Returning briefly to the "Spiritual But Not Religious" question, I notice that there's been some recent stir about Marcus Mumford's reluctance to own the label "Christian" in describing himself, despite a) coming from a strongly Christian background, b) clearly still believing in God and having some form of reverence for Jesus Christ and c) suffusing his music with strongly Christian themes, symbols and tropes.
His reticence seems clearly related to what I mentioned last week: The failure of Christianity to make itself attractive and credible in the contemporary context. As he says to Rolling Stone magazine, in answer to the question of whether he's a Christian:
“I don’t really like that word. It comes with so much baggage. So, no, I wouldn’t call myself a Christian. I think the word just conjures up all these religious images that I don’t really like. I have my personal views about the person of Jesus and who he was. … I’ve kind of separated myself from the culture of Christianity.”
Clearly what's being said here is not that he's separated himself from Christ, but that he's separated himself from a particular kind of cultural expression of Christianity, presumably one that is rooted in the kind of evangelical baggage that I've mentioned, which often trades in sexism, homophobia, and intolerant narrowness.
Refusal to be boxed into a definition of Christianity that is associated in the minds of many Rolling Stone readers with authoritarian ecclesial structures is understandable, and I give Mumford the credit he deserves for wanting to dissociate himself from that. At the same time, it's worth noting how he continues:
His spiritual journey is a “work in progress,” Mumford said, adding that he’s never doubted the existence of God and that his parents are unbothered by his ambivalence toward the Christian label.
There is something salutary in refusing to be rushed into a commitment to a particular way of expressing one's understanding of spiritual truth. To those who want to label him a Christian in order to dismiss him as well as those who want to label him so in order to claim him, Mumford refuses to accept the label.
Lillian Daniel, for whom I have exceptionally high regard, comments on this line of thought:
People will explain to me that without the Church, they are traveling light, without all that Christian baggage. But what exactly is this baggage? It’s people—who might actually be some of the best road companions there are.
Certainly, Marcus Mumford got one thing right—the Church is something you enter at your own risk.
Because you might actually bump into humanity there. You might hit up against something you disagree with. You might have to listen to music you don’t like. You might get asked to share your stuff. You might learn from a tradition far older than you, and realize how small you are standing before such a legacy. You might even be asked to worship something other than yourself.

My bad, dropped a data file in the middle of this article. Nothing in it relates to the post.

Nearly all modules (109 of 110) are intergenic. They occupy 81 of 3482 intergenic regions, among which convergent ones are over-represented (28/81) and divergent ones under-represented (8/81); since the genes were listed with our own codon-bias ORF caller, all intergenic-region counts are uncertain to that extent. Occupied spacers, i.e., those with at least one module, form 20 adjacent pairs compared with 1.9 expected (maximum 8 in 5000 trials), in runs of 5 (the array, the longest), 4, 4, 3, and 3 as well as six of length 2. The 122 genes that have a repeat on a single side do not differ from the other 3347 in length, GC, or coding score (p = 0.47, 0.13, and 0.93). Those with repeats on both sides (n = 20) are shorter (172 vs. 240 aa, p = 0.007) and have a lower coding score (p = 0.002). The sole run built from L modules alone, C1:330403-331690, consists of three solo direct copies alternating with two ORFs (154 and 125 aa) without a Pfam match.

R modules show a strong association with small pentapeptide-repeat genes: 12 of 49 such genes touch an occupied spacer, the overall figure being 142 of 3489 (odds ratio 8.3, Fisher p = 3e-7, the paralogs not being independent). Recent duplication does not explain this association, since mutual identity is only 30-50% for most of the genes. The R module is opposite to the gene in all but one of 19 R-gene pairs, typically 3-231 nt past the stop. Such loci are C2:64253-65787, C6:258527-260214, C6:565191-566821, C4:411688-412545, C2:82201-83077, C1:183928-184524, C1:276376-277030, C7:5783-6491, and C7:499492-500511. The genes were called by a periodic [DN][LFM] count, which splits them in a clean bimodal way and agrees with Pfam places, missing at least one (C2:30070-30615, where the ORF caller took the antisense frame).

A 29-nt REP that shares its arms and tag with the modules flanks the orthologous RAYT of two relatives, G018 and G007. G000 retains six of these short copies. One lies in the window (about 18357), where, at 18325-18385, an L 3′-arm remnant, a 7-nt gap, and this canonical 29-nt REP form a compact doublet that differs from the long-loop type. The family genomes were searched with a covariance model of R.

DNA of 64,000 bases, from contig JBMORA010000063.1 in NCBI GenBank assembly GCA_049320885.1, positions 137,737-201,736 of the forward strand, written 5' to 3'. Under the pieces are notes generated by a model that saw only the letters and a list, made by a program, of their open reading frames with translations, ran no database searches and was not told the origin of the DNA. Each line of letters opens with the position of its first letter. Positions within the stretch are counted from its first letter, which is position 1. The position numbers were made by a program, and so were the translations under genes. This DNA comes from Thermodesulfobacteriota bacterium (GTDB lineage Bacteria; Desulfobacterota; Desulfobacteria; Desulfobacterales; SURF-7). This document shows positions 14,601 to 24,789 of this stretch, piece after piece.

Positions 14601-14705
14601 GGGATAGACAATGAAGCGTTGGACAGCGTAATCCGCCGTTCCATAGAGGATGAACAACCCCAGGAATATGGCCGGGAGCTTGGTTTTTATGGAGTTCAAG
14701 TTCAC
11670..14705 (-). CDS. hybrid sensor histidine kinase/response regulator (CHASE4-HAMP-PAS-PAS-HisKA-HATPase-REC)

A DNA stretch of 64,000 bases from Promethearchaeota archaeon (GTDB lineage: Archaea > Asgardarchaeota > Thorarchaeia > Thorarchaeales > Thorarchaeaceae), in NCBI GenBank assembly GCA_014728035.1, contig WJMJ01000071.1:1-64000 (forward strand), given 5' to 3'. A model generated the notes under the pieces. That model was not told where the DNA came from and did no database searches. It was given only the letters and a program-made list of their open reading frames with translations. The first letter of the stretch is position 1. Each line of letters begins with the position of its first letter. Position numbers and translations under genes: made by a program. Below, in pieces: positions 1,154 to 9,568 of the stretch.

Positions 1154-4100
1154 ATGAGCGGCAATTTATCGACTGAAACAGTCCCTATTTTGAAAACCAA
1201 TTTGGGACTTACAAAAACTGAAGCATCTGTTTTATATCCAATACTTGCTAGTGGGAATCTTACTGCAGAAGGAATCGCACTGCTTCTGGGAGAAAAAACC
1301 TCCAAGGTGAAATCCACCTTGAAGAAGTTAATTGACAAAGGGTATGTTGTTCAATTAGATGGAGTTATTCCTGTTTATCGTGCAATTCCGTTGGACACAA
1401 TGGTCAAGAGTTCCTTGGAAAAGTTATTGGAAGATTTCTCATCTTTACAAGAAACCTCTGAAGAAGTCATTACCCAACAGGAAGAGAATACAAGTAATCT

As I've mentioned before, I get exactly what Lillian is talking about, and largely agree with her on the merits. At the same time, I think that this is a conversation taking place within the Christian fold. It's not that Mumford has genuinely placed himself outside of it. Rather, as I read it, he is unhappy with what the word "Christian" has come to mean, and so refuses the label in order to be free to embrace what the label implies. He doesn't want to be a Christian because that makes it more difficult to embody Christ.
Cathleen Falsani says it very well:
I didn’t hear Mumford’s remarks as a wishy-washy equivocation about the precepts of Christianity or a capitalist concern about alienating non-Christian fans. Rather what I took away from his answer was a keen wariness about other Christians and our too-often brutal judgmentalism.
Growing up as a pastor’s kid, undoubtedly Mumford knows this all too well. And as someone who is newly accustomed to standing in the unforgiving glare of celebrity’s spotlight, he surely also understands our cultural obsession with putting people on pedestals and knocking them off with great glee and heaping doses of schadenfreude.
What I heard in his reticence to label himself a Christian was not a denial of faith, but instead something that falls between Dorothy Day’s famous “Don’t call me a saint — I don’t want to be dismissed so easily,” and Soren Kierkegaard’s, “Once you label me you negate me.”
I don't think one can listen to the lyrics of a Mumford & Sons song and not take very seriously Marcus Mumford's attempt to seriously interrogate what the elements of the faith he was raised in mean for him today. Doing that, for him, quite understandably means refusing to wear the uniform, but he still talks the talk through his music. As important as it is to understand the role that the Christian community plays in creating the possibility of following Christ in an authentic way, it is equally important to recognize how difficult the church can make that task as well. What's more, it is also crucial to recognize the authenticity of the honest search, after all, that's how this Grace thing works, too.